Rory McIlroy: 2 Questions Will Determine the Remainder of His Career

Michael FitzpatrickFeatured ColumnistNovember 15, 2012

HONG KONG - NOVEMBER 15:  Rory McIlroy of Northern Ireland plays a shot during the first round of the UBS Hong Kong open at The Hong Kong Golf Club on November 15, 2012 in Hong Kong, Hong Kong.  (Photo by Stuart Franklin/Getty Images)
Stuart Franklin/Getty Images

At the young age of 23, Rory McIlroy has already won nine professional events, including two major championships.

McIlroy is unquestionably the best young talent since a wiry young fella from Southern California took the golf world by storm back in 1996.

Although Tiger Woods won twice in 1996, he didn’t truly assume his thrown atop the golf world until his dominant performance at the 1997 Masters. Woods then followed his strong 1997 season with an off-year in 1998. That year, he won just a single tournament while going through his first swing overhaul with Butch Harmon.

The remainder of Woods' career has been a series of incredibly high peaks followed by a number of valleys. Woods completely dominated the game between 1999 and 2002. He then went through another swing overhaul, this time with Hank Haney, during which he had an average year in 2003 and won just once in 2004.

Woods took off again in 2005 and would once again dominate the game—right up until his epic victory at the 2008 U.S. Open while playing on a broken leg and torn ACL.

In 2009, Woods won six times but failed to capture a major. Of course, his severe struggles between 2010 and 2011 have now been well documented. Woods made a bit of a comeback in 2012 but is still in search of his first major title since 2008.

That has essentially been Woods’ career to date: incredible hot streaks followed by a few cold spells.

McIlroy has taken a high-speed elevator to the top of the golf world over the past 18 months. He is dating a tennis star, has become a worldwide celebrity and is about to sign a massive equipment contract, most likely with Nike.

McIlroy is essentially going to be the first professional golfer to truly enter Woods’ world since, well, Woods. So, the big question becomes, how will McIlroy deal with it all both on and off the course?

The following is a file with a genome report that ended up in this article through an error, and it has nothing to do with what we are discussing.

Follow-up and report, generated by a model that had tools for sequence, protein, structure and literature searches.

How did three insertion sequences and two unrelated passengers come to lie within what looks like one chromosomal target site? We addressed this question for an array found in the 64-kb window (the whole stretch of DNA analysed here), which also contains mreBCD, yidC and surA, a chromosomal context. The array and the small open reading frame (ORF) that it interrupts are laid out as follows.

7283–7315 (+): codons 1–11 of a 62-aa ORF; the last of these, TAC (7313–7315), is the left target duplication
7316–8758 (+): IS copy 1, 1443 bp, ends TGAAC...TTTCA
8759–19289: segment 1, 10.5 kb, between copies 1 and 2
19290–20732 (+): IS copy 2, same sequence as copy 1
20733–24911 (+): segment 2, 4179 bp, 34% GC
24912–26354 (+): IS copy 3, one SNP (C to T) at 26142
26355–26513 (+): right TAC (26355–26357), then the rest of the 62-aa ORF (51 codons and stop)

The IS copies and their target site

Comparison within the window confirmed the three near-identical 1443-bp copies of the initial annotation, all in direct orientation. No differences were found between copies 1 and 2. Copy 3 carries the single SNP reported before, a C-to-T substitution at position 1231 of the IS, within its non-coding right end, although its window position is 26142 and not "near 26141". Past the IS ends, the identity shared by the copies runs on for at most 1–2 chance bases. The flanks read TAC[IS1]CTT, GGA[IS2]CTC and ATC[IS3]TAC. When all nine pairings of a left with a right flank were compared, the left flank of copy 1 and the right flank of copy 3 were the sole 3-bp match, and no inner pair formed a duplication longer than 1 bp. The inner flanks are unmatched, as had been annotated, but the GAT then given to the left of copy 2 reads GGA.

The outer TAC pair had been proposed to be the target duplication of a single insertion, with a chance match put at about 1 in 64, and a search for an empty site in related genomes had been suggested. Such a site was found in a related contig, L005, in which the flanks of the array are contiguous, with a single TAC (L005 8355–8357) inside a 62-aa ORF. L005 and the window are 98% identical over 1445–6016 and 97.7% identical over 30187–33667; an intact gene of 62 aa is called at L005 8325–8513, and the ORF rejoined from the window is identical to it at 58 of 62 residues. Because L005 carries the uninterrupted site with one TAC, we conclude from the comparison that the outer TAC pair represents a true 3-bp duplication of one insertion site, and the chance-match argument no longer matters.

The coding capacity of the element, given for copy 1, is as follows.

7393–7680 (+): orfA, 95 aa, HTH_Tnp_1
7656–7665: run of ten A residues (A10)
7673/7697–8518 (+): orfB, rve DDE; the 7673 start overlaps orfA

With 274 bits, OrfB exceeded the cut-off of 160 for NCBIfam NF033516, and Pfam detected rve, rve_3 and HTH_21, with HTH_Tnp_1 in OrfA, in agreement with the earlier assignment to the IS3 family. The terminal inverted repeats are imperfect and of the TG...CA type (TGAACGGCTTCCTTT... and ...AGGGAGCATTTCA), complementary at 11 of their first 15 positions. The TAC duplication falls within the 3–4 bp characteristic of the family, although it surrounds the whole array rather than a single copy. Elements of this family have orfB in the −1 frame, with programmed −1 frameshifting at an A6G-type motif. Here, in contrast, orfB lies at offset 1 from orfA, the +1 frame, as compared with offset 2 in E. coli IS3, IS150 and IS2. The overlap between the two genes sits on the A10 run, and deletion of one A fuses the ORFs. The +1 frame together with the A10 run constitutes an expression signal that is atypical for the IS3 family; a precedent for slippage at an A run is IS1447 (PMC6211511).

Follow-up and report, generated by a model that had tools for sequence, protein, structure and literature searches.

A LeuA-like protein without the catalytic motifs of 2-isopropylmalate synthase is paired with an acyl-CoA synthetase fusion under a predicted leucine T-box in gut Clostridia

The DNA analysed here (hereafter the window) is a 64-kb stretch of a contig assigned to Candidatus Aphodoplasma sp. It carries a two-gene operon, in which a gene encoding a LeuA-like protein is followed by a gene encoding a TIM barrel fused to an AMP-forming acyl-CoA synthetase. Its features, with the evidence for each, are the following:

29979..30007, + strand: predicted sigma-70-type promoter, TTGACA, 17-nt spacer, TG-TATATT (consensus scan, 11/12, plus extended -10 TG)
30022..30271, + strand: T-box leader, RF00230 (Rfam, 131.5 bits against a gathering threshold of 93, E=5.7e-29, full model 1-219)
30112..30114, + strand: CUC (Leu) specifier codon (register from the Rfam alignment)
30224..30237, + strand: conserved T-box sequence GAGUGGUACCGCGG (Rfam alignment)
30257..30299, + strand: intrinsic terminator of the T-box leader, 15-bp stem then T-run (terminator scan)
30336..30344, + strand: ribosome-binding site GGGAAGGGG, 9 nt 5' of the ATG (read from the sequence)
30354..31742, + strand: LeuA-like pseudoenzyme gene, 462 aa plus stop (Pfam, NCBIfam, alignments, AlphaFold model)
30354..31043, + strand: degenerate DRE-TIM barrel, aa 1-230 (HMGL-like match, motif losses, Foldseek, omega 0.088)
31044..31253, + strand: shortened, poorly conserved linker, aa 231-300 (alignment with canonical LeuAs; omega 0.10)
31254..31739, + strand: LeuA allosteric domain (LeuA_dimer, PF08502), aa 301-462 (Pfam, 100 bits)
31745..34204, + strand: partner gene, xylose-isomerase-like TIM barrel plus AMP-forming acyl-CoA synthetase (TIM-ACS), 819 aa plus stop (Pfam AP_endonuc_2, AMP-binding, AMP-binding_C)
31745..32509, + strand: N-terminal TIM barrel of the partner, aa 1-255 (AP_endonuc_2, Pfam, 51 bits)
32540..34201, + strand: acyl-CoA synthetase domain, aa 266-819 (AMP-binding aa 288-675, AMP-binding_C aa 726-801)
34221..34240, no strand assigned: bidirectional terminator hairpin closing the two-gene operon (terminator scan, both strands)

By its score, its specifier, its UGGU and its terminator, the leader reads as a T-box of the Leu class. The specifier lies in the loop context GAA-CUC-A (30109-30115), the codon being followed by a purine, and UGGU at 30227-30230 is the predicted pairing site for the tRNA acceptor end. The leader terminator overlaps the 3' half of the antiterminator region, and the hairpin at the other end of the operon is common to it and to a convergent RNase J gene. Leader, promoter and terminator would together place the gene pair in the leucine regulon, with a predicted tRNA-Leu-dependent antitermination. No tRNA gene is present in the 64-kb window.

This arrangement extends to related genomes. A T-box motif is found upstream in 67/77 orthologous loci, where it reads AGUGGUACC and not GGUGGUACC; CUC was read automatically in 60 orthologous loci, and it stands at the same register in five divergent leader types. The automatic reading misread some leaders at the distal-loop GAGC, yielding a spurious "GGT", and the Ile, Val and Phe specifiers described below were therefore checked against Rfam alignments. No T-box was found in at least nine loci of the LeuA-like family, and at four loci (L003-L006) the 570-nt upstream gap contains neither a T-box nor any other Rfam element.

Will he become sick of the fame and turn into a recluse while not out on tour?

Will he struggle with a sophomore slump after rising to the top of professional golf over the past 18 months?

Will McIlroy’s career mimic Woods' in terms of a series of highs and lows, or will McIlroy be a more consistent yet not as dominant superstar?

Or will McIlroy be just as dominant yet not as streaky as Woods, thus leading to a career that could be even more successful than Tiger?  

The answer to all of these questions will likely come down to just two aspects of McIlroy’s game: his desire and his putter.  

Woods was able to completely dominate the game of golf due to his unyielding drive to be the best and his ability to make seemingly every big putt for more than a decade.

McIlroy has shown that he does have a drive to be the best, but that drive is probably not as strong as Woods’ desire was during his earlier years on tour.

McIlroy has also shown that, although he can handle major championship pressure, he most likely will never be as good on the greens as Woods was during his prime.

Despite four wins in 2012, McIlroy still ranked 82nd on tour in stokes gained from putting. That demonstrates that McIlroy is so incredibly talented with the other aspects of his game that he is still able to string together dominant stretches despite being just average on the greens.

However, history has shown that few players are able to remain consistently dominant, or even reach two-to-three-year peaks, without a very strong putter. Sam Snead was probably the one exception to this rule, but that is also why he only won seven majors despite being one of the top-three ball-strikers to have ever lived.

Some might point to Ben Hogan as well, but Hogan was actually a very good putter during the prime of his career. It wasn’t until the later stages of his career that he lost his ability on the greens, which resulted in numerous majors slipping away despite the rest of his game being as sharp as ever.   

There are a number of different ways McIlroy’s career can go over the next 10 to 20 years.

McIlroy has already answered virtually all questions as it pertains to his level of talent. But there are still two underlying questions that will likely determine the heights McIlroy will wind up reaching in this game: Does he have the drive, and can he continue to make the big putts?


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